Birthing Tray - Wine

Based on a print illustrating the birth of Julius Caesar included in an early modern manuscript of Roman history, Les Faits des Romains.

This move to marginalise midwives is made evident in Dixie’s prints. Birthing Tray – Wine based on a fourteenth-century print, shows a midwife (indicated by her distinctive headdress) removing a child from the belly of the mother while a female attendant, at the foot of the bed, prepares a bath for the infant.

‘ In Birthing Tray – Wine, the drink – photographed from above so that it constitutes a shape that is at once sun-like and ova-like – is also suggestive of blood, and thus perhaps indicates how a celebration of the birth of the (male) child was in fact contingent on the sacrifice of his mother. Although the midwife and her female assistant manage the caesarean birth, this work – like the other two – includes allusions to the enterprises of men. The iguana that Dixie has introduced into the scene is suggestive of male journeys to foreign and exotic lands. Liminal in the sense that it can move through land and water, it alludes simultaneously to the traveller on the threshold of unknown geographies and the male surgeon who, with a subsequent loss of agency by the midwives who are represented here, could embark on a parallel journey of discovery – a scientific exploration of the dark recesses of female reproductive organs. ‘   (Extract from Figuring Maternity: Christine Dixie’s Parturient Prospects by Prof. Brenda Schmahmann, Dearte n75_a4)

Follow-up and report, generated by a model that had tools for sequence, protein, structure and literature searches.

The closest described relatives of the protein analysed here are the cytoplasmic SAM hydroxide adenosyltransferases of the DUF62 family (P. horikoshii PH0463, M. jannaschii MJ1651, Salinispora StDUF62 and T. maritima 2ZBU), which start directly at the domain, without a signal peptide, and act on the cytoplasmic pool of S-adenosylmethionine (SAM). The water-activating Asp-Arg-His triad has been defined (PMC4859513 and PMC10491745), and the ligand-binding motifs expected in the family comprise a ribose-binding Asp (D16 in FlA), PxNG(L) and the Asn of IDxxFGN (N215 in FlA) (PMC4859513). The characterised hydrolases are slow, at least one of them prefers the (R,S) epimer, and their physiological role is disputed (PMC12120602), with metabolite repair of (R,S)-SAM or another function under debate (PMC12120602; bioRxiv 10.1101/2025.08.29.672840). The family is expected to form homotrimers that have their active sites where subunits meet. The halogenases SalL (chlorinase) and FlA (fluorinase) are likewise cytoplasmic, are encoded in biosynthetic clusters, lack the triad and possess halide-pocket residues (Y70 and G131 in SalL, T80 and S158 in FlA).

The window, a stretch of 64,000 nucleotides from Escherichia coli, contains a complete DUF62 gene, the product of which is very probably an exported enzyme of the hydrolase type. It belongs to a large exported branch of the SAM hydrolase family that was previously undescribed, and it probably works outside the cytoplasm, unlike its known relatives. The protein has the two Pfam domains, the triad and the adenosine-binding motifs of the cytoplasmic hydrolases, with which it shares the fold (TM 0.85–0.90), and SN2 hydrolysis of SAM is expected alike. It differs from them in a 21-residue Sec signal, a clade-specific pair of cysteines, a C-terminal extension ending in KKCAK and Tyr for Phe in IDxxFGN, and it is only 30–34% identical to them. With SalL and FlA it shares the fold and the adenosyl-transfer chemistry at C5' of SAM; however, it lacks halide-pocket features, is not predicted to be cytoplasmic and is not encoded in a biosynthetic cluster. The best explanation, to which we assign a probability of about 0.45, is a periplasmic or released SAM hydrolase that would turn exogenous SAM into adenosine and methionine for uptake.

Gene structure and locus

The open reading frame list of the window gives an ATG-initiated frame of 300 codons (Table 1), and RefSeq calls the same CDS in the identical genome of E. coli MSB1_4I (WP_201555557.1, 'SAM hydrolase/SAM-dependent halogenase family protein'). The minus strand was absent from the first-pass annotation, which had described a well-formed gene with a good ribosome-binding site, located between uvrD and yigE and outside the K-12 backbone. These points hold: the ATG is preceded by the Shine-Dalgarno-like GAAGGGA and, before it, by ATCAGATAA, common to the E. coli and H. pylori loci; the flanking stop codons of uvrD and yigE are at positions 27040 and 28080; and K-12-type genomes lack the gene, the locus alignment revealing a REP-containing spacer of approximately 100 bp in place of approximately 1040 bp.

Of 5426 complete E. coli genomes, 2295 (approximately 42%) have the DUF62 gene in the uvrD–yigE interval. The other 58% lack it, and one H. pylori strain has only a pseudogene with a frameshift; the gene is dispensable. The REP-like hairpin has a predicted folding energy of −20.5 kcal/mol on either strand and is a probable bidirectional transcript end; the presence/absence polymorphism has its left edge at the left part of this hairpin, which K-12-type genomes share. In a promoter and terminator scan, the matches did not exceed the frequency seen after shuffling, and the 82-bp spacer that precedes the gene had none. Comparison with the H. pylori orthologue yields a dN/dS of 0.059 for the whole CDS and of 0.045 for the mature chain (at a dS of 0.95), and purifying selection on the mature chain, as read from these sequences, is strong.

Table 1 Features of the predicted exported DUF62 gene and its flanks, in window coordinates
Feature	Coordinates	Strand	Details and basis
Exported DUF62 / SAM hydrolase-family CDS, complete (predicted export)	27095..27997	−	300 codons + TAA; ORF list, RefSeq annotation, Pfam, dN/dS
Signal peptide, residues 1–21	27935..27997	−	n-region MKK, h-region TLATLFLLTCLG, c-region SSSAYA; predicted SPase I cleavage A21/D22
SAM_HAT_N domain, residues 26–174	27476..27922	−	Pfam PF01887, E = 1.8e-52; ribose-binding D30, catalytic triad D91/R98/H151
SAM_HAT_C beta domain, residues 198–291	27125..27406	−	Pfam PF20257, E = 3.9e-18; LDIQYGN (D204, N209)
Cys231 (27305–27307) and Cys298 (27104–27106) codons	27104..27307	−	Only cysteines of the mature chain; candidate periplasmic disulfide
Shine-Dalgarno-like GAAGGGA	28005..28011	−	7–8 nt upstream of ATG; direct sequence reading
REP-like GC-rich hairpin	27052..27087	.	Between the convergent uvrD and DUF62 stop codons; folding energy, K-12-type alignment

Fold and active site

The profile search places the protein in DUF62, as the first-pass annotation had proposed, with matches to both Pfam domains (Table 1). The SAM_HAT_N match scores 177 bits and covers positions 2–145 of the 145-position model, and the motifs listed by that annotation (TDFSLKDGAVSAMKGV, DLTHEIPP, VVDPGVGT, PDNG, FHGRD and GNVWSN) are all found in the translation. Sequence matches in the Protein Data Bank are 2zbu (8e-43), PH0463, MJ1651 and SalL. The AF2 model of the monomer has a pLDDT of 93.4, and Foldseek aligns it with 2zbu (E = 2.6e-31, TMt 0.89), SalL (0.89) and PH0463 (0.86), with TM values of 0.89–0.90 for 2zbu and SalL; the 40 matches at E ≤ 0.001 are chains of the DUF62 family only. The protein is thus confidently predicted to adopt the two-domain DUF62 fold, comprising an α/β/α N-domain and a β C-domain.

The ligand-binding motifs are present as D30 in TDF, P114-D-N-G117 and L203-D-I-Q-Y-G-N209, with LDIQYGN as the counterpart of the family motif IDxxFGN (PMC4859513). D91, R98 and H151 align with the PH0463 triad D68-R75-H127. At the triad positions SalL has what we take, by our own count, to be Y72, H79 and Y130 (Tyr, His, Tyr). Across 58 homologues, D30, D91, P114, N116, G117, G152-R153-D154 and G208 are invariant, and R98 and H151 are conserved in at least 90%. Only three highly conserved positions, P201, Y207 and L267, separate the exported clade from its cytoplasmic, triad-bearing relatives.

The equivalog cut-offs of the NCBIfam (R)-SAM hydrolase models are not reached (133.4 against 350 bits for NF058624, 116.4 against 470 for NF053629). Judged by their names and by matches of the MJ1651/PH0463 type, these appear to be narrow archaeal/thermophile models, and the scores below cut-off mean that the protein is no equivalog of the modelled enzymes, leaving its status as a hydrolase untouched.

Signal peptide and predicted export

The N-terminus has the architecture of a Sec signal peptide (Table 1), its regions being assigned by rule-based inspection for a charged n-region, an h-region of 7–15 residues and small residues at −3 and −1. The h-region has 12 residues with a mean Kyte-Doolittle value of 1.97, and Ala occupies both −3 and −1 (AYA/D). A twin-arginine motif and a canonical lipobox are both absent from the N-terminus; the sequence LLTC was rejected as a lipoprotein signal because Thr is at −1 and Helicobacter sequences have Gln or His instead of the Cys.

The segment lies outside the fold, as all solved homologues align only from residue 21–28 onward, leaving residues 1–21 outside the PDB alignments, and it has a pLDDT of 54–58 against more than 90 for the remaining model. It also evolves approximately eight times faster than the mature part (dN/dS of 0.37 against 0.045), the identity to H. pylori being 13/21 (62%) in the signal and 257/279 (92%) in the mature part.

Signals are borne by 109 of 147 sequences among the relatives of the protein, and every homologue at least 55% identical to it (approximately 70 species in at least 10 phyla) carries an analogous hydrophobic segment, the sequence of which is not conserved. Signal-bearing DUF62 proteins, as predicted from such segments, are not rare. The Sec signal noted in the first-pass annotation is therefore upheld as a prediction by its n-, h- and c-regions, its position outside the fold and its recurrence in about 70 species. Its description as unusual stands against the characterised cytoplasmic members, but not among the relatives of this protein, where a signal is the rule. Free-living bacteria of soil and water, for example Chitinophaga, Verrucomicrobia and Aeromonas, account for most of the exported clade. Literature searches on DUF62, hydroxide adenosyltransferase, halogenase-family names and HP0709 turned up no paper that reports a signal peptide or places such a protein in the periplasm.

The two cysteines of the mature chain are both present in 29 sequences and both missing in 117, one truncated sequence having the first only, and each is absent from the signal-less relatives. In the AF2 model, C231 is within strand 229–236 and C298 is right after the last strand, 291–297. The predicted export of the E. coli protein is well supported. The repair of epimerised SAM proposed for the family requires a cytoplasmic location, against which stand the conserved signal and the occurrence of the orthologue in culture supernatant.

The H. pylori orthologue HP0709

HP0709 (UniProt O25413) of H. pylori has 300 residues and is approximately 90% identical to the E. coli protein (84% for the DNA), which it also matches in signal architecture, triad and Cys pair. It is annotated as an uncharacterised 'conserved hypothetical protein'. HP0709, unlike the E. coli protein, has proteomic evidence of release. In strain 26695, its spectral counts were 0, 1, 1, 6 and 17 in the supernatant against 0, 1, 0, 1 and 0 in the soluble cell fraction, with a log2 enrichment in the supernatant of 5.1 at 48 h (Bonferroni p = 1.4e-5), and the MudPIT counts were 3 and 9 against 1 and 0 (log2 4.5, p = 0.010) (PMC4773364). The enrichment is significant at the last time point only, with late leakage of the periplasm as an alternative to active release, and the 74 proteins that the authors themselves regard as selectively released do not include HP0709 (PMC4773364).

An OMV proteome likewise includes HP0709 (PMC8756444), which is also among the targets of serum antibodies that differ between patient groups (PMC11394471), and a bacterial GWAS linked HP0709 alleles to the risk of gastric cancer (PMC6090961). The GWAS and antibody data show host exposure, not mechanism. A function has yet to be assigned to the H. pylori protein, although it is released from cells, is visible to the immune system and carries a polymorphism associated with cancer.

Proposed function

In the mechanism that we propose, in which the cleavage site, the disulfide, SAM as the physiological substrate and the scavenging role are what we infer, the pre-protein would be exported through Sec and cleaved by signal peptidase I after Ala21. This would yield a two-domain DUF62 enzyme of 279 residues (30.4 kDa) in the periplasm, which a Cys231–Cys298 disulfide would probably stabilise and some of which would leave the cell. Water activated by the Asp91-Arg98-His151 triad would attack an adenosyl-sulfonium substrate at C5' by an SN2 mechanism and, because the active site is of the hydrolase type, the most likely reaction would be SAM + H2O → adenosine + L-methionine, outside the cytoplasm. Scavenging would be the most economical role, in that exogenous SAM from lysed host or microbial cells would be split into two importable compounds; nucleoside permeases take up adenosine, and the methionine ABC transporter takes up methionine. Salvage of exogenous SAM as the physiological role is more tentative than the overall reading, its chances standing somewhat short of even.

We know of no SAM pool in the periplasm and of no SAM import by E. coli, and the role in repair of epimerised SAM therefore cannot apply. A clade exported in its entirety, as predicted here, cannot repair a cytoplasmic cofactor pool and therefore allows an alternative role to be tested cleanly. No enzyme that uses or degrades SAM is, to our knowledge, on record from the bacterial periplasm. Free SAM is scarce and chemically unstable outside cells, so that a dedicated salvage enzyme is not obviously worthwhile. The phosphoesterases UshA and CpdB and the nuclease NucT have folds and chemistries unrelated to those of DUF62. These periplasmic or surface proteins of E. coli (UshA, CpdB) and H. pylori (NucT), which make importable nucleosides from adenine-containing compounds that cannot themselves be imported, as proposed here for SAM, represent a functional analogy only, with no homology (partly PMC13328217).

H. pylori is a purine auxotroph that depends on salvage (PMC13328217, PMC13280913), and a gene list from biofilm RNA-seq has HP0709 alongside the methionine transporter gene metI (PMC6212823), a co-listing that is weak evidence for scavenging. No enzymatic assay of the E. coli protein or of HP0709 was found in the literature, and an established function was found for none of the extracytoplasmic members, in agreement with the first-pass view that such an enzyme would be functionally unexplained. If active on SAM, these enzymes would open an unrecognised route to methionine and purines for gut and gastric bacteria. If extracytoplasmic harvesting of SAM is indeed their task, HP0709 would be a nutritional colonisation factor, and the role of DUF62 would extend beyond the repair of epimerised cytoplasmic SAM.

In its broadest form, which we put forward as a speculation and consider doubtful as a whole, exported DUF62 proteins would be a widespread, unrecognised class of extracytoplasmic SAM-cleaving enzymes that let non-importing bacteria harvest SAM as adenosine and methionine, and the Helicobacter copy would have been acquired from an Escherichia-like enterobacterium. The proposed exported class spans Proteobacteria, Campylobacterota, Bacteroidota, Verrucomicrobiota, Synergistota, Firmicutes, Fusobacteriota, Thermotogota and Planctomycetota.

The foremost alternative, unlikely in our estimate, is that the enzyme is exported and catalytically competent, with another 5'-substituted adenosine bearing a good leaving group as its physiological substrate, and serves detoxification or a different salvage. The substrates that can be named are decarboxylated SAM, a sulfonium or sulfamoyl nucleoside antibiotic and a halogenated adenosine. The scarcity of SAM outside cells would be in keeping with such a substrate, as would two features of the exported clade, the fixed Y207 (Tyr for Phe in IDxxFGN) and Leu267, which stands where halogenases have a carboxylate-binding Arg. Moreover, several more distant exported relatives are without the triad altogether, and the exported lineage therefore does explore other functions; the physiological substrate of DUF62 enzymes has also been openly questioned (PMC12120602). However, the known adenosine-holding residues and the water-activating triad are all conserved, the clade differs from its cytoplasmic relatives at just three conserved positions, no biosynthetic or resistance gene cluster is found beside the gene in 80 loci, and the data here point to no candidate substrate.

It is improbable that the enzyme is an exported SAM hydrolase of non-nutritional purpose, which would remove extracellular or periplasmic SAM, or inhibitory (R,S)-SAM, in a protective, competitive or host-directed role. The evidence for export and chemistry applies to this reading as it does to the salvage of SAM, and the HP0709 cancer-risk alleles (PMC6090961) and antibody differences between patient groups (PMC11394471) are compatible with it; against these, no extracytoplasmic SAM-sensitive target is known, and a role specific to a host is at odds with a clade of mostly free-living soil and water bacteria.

• Birthing Tray - Wine
  • Christine Dixie
  • 2006
  • Digital print of scanned woodcut and photograph
  • 20
  • Sheet Size: 56 x 85 cm
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